The Atlantic Institute of Market Studies, with the help of all the Uriah Heeps of The Moncton Times have been pushing hard for educational changes in New Brunswick that would be the biggest changes in the history of public education, a history that goes back for centuries. The change begins with standardized testing and public school ranking. The long term objective is give big business effective control of education, and to convert it to a matter of private profit.
The idea comes from the United States, more particularly from American big business and from ideologues like Jeb Bush. It has spread rapidly and widely in the US for almost two generations of students. Yesterday, the UN published its quite respected ratings of schools around the world.
Canada's system (the one The Moncton Times has so much contempt for) came out among the best. It always has. The US systemscame out among the worst. They always have. The difference is that it has actually become even worse since the spread of standardized testing and public school ranking. It has, most recently, dropped from 18th in the world to something like 25th. We are copying one of the lowest ranked education systems in the world. And The Moncton Times has been a cheerleader for for this greed-motivated scheme, and a propaganda front for the so-called "research" of AIMS and its so-called "fellows".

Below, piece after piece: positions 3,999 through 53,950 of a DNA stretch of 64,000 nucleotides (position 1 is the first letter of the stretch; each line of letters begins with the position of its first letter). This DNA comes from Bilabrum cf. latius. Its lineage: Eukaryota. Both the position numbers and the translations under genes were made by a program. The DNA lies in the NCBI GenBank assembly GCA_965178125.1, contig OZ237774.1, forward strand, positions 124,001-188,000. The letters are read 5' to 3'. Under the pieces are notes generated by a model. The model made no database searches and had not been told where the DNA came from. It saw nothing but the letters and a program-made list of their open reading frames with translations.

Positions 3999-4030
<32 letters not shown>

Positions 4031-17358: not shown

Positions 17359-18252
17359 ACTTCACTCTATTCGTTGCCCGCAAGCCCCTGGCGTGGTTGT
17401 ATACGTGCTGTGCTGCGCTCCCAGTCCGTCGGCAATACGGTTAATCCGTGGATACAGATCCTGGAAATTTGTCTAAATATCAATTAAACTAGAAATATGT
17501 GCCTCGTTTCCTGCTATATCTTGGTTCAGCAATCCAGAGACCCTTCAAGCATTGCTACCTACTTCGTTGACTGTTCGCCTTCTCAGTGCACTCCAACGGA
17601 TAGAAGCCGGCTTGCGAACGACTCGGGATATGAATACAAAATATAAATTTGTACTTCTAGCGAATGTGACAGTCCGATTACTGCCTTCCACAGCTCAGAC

Yesterday, The Moncton Times, the great supporter of standardized testing, gave the briefest and sketchiest possible report possible of the UN findings. It was also so badly written as to be almost incomprehensible. It completely omitted any reference to the American result, and what that tells us about standardized testing and school ranking.
The UN ratings contradict every editorial on education that has appeared in The Moncton Times in recent years. I wondered how the editorial writer would respond to this. Now we know. There was no response.
I'd like to place an ad in the Lost column of TandT want ads. Lost: Journalistic integrity. Last seen just before crossing border into New Brunswick.